Monday, February 25, 2013

The Forsaken by Lisa M. Stasse

Release date: July 10, 2012
Author info: Website | Twitter | Facebook
Publisher: Simon & Schuster Books for Young Readers
Pages: 375
Format: Hardcover
Source: Library
Buy the book: Barnes & Noble | Amazon | The Book Depository
As an obedient orphan of the U.N.A. (the super-country that was once Mexico, the U.S., and Canada), Alenna learned at an early age to blend in and be quiet—having your parents taken by the police will do that to a girl. But Alenna can’t help but stand out when she fails a test that all sixteen-year-olds have to take: The test says she has a high capacity for brutal violence, and so she is sent to The Wheel, an island where all would-be criminals end up.

The life expectancy of prisoners on The Wheel is just two years, but with dirty, violent, and chaotic conditions, the time seems a lot longer as Alenna is forced to deal with civil wars for land ownership and machines that snatch kids out of their makeshift homes. Desperate, she and the other prisoners concoct a potentially fatal plan to flee the island. Survival may seem impossible, but Alenna is determined to achieve it anyway.
This is a review that I really don't know how to start. I was so excited to finally read The Forsaken since I was convinced it sounded amazing, it had gotten a slew of good reviews, and the cover is just plain awesome. Sometimes I think we have to dampen our enthusiasm, because it sets a high bar, and The Forsaken just didn't live up to the bar I'd set for it. There was boundless potential, but the book was just unable to capitalize on it.

Everyone keeps describing this as Lord of the Flies meets Lost. Now, I've never seen Lost in my life, but I am all over the Lord of the Flies idea. I crazy love that book. I think it's fascinating and revelatory. This book could have easily gone on that vein, and oooooooh I would've died. Instead, The Forsaken takes the predictable, done-a-thousand-times dystopian approach. The government is trying to control its citizens "for their own good" and it has devised a way to rid itself of the people wont to rebel: Prison Island Alpha, or the wheel. This is serviceable, but there's no good exploitation of the consequences of leaving hundreds of sheltered teenagers on an island to fend for themselves. Most of them are just too well-adjusted! I thought the drones were going to be my salvation, but their behavior gets explained away, so we're left to believe that all of those hormonal kids would've totally been able to survive if it weren't for some interference. Okay. Besides, I wanted pig's heads on sticks! (Seriously, if you haven't, read Lord of the Flies. It's fantastic.)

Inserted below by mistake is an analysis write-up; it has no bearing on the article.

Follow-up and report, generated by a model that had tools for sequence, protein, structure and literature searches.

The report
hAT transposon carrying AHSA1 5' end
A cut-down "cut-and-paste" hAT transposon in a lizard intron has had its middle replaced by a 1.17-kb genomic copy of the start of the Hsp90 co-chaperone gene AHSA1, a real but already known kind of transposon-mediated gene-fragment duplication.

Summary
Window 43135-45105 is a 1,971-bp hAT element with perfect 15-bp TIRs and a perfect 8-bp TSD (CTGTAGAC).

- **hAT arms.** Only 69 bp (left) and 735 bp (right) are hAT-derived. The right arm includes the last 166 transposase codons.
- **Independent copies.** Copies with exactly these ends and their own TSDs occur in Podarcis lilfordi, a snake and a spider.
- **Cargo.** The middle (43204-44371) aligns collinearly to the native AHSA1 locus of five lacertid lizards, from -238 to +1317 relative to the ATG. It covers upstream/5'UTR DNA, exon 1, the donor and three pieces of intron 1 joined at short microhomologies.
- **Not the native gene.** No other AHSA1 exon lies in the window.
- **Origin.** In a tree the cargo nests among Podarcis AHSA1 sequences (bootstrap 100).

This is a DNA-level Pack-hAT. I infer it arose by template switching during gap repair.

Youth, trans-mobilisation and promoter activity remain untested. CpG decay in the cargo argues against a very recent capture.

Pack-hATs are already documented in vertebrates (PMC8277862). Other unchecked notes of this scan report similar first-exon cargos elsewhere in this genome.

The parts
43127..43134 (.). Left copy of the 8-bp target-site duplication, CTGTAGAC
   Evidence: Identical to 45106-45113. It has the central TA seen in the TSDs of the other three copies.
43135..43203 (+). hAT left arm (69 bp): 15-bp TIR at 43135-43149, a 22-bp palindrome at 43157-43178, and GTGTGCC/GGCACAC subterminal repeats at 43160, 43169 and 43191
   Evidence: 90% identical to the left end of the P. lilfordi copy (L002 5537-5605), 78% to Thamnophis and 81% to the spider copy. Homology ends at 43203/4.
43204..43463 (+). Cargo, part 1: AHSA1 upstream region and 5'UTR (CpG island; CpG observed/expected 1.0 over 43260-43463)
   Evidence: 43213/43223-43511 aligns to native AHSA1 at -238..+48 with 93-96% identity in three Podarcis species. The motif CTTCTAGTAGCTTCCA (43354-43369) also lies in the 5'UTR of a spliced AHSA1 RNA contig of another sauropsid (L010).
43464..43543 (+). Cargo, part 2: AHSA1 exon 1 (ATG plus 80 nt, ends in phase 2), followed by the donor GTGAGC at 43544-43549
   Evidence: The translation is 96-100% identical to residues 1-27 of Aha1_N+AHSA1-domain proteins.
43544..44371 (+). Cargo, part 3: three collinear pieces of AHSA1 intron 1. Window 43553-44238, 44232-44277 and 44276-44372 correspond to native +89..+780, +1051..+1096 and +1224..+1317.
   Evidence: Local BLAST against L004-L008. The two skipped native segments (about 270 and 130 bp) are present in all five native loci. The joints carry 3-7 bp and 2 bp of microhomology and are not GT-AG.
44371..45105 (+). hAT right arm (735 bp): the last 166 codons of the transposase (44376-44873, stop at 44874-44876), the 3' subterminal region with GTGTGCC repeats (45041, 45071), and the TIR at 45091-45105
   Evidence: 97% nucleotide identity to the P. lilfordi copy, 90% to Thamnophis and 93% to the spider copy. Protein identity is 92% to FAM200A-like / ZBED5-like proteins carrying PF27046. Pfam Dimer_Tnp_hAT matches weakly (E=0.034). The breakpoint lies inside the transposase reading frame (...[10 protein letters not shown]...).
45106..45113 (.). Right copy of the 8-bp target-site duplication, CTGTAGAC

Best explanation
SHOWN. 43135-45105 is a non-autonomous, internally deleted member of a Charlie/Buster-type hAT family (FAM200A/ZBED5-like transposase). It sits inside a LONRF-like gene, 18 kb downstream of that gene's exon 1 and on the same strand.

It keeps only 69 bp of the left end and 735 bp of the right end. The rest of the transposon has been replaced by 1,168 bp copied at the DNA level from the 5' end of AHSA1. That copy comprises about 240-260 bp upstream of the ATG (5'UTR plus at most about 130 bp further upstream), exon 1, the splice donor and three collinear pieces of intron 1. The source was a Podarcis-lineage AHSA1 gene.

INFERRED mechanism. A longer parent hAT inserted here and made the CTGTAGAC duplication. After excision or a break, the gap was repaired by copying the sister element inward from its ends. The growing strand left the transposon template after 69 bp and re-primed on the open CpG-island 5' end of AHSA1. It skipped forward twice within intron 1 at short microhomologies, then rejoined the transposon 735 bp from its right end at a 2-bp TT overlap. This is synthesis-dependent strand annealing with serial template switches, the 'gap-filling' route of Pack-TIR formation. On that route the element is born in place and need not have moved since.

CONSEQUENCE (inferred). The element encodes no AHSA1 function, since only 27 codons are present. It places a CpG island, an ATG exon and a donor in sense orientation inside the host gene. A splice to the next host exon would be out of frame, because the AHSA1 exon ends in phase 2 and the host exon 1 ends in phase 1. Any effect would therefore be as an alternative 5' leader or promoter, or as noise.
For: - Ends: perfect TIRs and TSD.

For the first half of the book, I was bored out of my mind. I had to force myself to read, knowing I'd never revisit this book if I put it down. In the end, I was glad I made myself suffer through. The second half picked up a lot and I was treated to twists and turns and blood and all the fun things that make my heart go pitty-pat.  There are a couple of seriously good plot twists that I didn't suspect in the least and that I gasped audibly at. And when I finished the book, I did find myself curious to read more. I want to see the fate of the island and its inhabitants. So mission accomplished there.

I could go on and talk about Alenna and her personality (or lack thereof) and the case of the super-instalove, but I won't. You've probably read it before if you've read other reviews of this book. But I'm left wondering how to recommend this one. I can't say, "Yes, absolutely read it," but I also can't completely warn you off. I guess I'm left with the lame middle ground. If it sounds, like, REALLY good to you, try it out? If not, or if you just really can't stand instalove, skip it? That's really all I've got. I think I've failed... :)

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